May 10, 1924
Match: Lancashire Cup, Final, replay, at Anfield.
Liverpool – Manchester City 2-0 (1-0).
Attendance: 24,227; gate receipts: £768.
Referee: Mr. A.F. Kirby (Lostock Hall).
Liverpool (2-3-5): Elisha Scott, Tommy Lucas, Donald Mackinlay, John McNab, Walter Wadsworth, Tom Bromilow, Fred Hopkin, Dick Forshaw, Jimmy Walsh, Danny Shone, Hector Lawson.
Manchester City (2-3-5): James Mitchell, Jimmy Cookson, Eli Fletcher, Sammy Sharp, Mickey Hamill, Charlie Pringle, Hugh Morris, Jack Warner, Tommy Browell, Tosh Johnson, Billy Murphy.
The goals: 1-0 Shone (30 min.), 2-0 Shone (75 min.).
** Sources disagree whether Walsh or Rawlings played for Liverpool. The forward-line give in other sources read: Rawlings, Forshaw, Shone, Lawson, Hopkin.
Liverpool triumph in the replayed final.
Though as Leaguers they have not lived up to their standard of the two previous seasons, Liverpool obtained some slight consolation for the loss of the championship by winning the Lancashire Cup in the replayed final with Manchester City at Anfield on Saturday. And let it be said at once that they were thoroughly deserving of the honour.
Time was when this was a much-coveted trophy, and there was a keenness about this game which left no doubt that there was a real desire on both sides to secure the prize. There were close upon 15,000 spectators present, and up to the interval they were treated to as good a game as anyone could have expected for the last day of the season. As a matter of fact, up to the interval the football was tense, clever, and interesting, and that there was a falling away in the second half could be ascribed to an injury to Hamill, the Ciy centre half-back, who was accidentally kicked on the knee, just before the interval, and was of no further use to his side.
He did not re-appear until ten minutes after the restart, and then he went to outside left, but he could scarcely kick the ball and, with practically only four forwards, the Mancunians were never seen to anything like the same advantage as they had been in the earlier stages of the game.
With Murphy at left half-back and Pringle in the role that had been vacated by Hamill, they put up a stubborn defence, but Liverpool, who had secured the lead before the misfortune occurred, were always the more aggressive side, and that they did not win more readily was due to the fact that their forwards did not make the best use of their opportunities. That much may be said without in any way detracting from the merit of the work of Mitchell and his backs.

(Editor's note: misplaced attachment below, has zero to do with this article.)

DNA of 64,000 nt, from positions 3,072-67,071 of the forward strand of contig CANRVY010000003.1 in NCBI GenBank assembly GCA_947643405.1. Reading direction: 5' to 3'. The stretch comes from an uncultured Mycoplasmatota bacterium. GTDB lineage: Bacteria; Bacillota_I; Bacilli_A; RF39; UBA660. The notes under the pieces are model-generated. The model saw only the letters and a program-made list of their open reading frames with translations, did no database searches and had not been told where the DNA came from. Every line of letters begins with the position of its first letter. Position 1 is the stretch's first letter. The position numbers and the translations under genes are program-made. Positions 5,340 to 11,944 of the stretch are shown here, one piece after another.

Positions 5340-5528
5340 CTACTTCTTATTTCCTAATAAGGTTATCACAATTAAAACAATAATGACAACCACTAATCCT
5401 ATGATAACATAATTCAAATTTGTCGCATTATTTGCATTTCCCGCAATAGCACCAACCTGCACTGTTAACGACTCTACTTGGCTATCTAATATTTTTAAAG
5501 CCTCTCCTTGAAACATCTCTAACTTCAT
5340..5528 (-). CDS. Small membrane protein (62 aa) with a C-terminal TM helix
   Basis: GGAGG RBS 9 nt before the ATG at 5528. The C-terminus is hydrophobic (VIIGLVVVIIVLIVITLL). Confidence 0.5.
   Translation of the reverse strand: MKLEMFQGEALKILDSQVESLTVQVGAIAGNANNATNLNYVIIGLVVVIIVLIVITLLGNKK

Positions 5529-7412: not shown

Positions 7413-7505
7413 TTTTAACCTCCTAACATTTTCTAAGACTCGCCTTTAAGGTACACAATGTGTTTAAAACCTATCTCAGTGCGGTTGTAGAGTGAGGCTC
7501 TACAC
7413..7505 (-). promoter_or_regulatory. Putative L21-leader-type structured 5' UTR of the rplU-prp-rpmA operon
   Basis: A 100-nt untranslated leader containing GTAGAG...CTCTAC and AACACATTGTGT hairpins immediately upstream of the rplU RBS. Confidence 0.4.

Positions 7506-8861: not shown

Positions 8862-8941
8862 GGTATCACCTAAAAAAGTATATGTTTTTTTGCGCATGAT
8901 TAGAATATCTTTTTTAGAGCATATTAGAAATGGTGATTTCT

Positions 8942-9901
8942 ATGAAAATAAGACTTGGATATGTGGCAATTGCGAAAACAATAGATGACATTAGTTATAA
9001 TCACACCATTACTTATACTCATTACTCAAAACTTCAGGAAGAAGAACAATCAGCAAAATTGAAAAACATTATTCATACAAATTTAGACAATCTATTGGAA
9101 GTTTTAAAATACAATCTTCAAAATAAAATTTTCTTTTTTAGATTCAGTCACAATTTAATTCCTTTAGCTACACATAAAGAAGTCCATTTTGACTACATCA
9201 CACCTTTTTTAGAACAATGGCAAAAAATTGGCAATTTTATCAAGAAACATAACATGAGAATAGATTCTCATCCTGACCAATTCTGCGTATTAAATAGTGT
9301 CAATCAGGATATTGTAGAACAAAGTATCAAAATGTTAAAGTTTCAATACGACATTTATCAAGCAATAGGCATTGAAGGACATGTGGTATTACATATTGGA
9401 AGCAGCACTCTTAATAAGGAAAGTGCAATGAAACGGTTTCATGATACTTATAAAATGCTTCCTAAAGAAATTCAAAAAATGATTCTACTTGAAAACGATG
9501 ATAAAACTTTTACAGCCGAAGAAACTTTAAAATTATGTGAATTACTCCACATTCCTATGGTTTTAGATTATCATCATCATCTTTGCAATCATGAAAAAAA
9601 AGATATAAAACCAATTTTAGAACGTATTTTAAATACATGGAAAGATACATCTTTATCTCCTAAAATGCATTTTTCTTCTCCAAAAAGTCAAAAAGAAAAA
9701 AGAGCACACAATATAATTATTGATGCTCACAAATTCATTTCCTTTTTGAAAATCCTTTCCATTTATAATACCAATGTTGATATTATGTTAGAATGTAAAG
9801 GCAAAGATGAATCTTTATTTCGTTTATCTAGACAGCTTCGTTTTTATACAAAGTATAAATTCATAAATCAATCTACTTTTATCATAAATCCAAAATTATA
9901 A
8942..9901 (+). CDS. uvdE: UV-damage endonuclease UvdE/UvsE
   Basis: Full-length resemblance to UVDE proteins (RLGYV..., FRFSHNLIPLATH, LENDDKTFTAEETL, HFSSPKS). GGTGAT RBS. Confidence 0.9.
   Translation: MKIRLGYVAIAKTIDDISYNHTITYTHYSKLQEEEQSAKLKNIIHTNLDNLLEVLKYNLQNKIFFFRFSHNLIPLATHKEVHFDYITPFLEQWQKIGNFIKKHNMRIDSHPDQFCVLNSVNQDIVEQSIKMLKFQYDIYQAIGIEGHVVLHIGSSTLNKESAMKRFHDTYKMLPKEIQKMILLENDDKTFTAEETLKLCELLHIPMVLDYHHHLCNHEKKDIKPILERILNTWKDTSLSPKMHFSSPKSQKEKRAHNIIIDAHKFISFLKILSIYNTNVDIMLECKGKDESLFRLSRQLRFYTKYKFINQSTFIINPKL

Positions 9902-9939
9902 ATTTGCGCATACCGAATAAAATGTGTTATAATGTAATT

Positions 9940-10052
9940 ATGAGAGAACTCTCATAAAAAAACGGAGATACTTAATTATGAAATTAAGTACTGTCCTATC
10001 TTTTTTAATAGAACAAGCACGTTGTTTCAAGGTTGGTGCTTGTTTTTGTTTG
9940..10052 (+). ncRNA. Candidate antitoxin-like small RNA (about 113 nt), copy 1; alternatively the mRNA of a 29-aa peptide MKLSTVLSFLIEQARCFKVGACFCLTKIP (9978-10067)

Shone’s double success.
Mitchell played under difficulties. He was suffering from an injury to his side, but he had not the slightest chance with either of the goals recorded against him. On the other hand, he kept a very good goal, and if he was a trifle fortunate with one shot in the first half, he made two very fine saves from Hopkin and Forshaw towards the close. Though Cookson was concerned in both the incidents which led to the goals he was a strong defender, and Fletcher played coolly and cleverly throughout.
Despite his penchant for sliding movements, Pringle was the most effective of the half-backs, especially when he went into the centre, and Johnson was the chief initiator in attack, though Murphy and Morris showed cleverness occasionally and Warner displayed his customary dash. The line, however, was deficient in finishing power, and Scott was rarely troubled in second half.
Both the goals went to the credit of Shone. The first he obtained from a centre by Hopkin a quarter form the interval, and the second with a quick rising shot about the same period from the finish, after some sharp exchanges. In this respect Shone played his part very well, and he also made some good wide passes, but he was not so facile in his movements as Forshaw, who was the best forward on the field, if it cannot be said that he was a deadly marksman.
Liverpool had the advantage at half-back, where Bromilow’s neatness contrasted with the dour tactics of McNab. Both were equally effective, and further behind there was little to choose between Lucas and Mackinlay, for if the former was the more active of the two, the judgment of the Scot was seldom at fault in his interception.
The official return of the attendance was 24,227, the gate receipts amounting to £768.
(The Athletic News, 12-05-1924)
Danny Shone, Liverpool F.C.